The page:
In this extract Jim Quinn says that he is the longest living of the males in his family. He remembers that when he was a child he used to think a man of 60 was old. He attributes this to the fact that people are living much longer nowadays and living conditions have improved enormously. In particular he points out that the standards of food and living accommodation have risen dramatically in his lifetime and this has the effect of increasing life expectancy as well as quality of life in general.

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And what age did you used to think people became old at you know?

I don’t know exactly, we used to say an old man was 60 and probably people were old at 60 in them days because our… we’re living longer, I probably am now the oldest of the males in my family that I can recall... that I knew, I’m probably older than them… of course there’s two things to that - the food and the amount was important and living in decent accommodation, you know, having heat and decent clothes, I mean when I was a kid there was very few with great coats, you could buy a Burberry or that… you can imagine, you probably come to work on the Dart or something like that…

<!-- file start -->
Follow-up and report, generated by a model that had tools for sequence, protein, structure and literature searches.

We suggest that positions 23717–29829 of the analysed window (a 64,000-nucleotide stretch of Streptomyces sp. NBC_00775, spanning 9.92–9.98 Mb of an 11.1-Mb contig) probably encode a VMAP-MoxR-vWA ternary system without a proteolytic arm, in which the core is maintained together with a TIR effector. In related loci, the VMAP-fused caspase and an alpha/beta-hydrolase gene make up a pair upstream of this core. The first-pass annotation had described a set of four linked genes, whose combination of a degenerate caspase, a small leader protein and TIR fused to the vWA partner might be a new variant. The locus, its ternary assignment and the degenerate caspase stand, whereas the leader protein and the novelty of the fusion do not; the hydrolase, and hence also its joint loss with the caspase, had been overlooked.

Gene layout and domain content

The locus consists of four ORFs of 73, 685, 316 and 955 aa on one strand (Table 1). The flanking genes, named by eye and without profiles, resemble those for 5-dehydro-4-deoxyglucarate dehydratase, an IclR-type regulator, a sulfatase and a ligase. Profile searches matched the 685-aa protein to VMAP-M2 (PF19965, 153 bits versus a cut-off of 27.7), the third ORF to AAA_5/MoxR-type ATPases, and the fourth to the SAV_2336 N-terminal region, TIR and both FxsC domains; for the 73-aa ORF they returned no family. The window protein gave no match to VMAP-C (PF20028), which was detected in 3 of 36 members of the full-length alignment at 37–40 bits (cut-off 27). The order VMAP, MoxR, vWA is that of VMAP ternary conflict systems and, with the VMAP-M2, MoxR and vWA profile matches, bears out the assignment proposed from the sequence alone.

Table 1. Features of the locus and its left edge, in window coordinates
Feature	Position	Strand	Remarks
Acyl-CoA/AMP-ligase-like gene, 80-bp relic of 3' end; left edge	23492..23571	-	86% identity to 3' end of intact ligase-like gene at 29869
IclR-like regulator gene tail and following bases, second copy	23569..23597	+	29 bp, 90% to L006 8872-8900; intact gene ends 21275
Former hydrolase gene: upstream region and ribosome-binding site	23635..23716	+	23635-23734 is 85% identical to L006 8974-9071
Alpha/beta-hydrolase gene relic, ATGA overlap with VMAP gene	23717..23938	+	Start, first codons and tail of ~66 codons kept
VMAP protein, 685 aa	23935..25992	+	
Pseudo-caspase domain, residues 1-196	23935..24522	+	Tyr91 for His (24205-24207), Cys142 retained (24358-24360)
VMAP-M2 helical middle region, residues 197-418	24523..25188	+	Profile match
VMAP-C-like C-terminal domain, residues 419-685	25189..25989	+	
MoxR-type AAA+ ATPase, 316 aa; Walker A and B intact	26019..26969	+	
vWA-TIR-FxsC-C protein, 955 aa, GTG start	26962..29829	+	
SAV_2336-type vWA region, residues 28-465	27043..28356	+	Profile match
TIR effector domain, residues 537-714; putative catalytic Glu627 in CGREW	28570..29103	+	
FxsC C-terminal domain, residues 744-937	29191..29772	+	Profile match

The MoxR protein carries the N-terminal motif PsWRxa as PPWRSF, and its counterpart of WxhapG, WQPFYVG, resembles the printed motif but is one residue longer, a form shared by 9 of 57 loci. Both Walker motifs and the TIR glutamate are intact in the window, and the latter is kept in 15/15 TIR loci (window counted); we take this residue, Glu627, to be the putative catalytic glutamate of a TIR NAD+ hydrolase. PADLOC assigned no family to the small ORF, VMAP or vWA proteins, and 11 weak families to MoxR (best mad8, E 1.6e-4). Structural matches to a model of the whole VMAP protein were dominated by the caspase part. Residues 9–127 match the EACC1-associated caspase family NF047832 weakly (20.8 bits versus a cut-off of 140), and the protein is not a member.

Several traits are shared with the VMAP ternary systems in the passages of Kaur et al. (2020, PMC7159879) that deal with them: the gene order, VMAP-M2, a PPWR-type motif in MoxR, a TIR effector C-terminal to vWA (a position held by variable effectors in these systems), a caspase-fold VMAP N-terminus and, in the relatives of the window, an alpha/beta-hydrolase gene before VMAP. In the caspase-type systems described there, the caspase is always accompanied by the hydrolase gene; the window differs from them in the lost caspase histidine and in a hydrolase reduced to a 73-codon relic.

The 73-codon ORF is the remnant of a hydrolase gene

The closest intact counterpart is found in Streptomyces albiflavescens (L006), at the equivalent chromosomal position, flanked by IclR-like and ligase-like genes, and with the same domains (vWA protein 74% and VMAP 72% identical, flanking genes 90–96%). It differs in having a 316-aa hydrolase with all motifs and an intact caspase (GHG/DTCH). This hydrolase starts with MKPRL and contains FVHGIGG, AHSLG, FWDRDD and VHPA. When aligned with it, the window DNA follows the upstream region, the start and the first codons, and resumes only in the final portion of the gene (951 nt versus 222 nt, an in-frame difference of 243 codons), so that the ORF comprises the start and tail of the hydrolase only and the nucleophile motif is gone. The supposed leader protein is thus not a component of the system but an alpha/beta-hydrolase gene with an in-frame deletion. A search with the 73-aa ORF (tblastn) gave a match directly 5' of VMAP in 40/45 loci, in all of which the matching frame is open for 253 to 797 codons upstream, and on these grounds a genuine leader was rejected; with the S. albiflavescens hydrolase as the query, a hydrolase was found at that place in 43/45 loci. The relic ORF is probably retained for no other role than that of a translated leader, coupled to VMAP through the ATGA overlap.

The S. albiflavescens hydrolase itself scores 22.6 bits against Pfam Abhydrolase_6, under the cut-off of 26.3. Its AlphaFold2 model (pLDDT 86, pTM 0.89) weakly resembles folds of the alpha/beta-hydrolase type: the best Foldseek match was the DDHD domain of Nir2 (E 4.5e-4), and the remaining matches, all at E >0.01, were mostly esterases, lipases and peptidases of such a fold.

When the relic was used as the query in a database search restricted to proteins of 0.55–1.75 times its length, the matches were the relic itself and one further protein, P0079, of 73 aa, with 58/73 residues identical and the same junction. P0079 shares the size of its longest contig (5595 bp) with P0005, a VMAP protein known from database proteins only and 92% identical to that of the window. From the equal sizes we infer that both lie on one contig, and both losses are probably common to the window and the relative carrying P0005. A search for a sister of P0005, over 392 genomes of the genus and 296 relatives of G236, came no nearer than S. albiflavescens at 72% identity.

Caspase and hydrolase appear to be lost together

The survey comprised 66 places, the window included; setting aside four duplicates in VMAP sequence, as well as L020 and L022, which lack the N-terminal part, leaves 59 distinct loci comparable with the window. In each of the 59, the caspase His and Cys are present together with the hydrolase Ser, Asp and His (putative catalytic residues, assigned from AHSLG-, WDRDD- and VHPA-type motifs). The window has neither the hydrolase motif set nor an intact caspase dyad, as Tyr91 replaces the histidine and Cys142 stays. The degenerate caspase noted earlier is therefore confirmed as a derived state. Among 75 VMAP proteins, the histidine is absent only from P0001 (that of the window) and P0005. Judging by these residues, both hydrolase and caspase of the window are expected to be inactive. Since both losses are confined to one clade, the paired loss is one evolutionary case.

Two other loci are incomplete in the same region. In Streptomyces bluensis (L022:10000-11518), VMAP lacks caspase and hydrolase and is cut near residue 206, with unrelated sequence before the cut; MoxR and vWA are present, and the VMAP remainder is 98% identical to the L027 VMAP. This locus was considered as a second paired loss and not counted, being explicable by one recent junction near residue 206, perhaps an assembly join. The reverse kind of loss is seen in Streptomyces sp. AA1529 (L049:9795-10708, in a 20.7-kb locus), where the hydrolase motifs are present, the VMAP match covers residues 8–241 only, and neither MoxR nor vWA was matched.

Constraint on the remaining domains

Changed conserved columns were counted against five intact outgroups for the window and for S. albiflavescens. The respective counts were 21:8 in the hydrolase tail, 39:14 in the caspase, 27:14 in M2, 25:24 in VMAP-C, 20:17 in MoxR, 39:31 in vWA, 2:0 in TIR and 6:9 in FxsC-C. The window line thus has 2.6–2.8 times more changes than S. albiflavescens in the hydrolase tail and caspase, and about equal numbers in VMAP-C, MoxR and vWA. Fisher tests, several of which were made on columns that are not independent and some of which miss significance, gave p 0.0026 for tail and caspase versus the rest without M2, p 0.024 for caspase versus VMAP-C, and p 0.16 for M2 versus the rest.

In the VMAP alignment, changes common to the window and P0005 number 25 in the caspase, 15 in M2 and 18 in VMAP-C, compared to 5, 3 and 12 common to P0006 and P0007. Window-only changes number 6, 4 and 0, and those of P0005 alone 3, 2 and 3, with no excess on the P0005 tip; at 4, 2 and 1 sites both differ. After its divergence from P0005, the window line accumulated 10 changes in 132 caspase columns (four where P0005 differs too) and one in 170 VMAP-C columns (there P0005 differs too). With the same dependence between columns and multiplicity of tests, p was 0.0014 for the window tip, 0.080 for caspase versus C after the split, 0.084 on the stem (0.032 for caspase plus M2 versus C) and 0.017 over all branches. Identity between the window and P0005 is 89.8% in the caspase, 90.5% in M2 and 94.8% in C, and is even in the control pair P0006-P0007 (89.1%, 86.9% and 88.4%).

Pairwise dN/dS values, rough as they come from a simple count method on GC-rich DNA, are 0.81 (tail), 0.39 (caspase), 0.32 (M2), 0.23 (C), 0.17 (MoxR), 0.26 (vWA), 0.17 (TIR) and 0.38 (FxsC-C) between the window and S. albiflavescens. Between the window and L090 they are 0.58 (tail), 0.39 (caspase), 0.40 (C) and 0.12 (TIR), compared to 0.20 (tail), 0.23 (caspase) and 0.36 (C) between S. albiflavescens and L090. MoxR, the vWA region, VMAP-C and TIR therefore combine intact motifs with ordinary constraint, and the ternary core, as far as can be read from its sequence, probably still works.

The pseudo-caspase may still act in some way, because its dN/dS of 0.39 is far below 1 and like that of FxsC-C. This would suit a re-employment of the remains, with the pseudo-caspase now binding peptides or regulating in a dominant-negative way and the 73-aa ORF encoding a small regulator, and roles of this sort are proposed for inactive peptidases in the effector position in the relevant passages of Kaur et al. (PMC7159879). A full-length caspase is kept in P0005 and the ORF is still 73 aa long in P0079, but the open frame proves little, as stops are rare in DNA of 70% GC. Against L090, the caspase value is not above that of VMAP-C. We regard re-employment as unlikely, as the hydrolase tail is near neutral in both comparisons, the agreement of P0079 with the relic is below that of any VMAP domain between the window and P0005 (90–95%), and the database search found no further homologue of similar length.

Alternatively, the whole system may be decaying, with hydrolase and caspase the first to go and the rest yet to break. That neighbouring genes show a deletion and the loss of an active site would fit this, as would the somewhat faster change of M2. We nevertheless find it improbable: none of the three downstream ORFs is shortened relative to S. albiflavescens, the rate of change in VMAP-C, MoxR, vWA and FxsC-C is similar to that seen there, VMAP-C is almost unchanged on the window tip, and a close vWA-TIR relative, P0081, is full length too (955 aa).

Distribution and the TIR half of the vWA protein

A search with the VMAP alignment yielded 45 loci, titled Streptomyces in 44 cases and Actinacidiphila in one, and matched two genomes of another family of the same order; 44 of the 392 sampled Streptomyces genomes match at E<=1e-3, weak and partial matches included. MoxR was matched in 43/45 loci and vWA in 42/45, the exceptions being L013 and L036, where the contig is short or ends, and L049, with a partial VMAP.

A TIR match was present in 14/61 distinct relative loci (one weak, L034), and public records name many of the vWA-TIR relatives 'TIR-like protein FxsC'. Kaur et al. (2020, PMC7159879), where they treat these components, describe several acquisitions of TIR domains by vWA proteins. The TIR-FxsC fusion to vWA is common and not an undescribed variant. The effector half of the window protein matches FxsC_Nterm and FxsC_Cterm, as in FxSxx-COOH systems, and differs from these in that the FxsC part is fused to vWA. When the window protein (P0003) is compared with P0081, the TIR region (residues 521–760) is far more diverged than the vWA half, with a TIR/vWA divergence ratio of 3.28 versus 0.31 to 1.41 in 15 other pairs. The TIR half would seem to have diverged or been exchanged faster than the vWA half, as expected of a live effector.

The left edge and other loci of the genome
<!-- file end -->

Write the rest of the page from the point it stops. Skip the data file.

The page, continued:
On the Luas…

Or the Luas or the bus or something… can you imagine walking half the time when there was none of those things? With the rain we’ve had in the last month sure you’d be wet all the time, when you got in there’d be no heat, you know what I mean? If it was a factory or… a factory’d probably be a place but in offices, you know, offices… I remember when I went to Westland Row school over there there were times that the heating would go off in the middle of winter and they didn’t send you home or anything… we were always hoping they would but they didn’t!


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Ageing, Expectations



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"Jim Quinn talks about the increased quality of life expectancy for older people now compared to when he was a child.." Lifescapes: Mapping Dublin Lives, Item #140 (accessed February 21 2018, 7:31 am)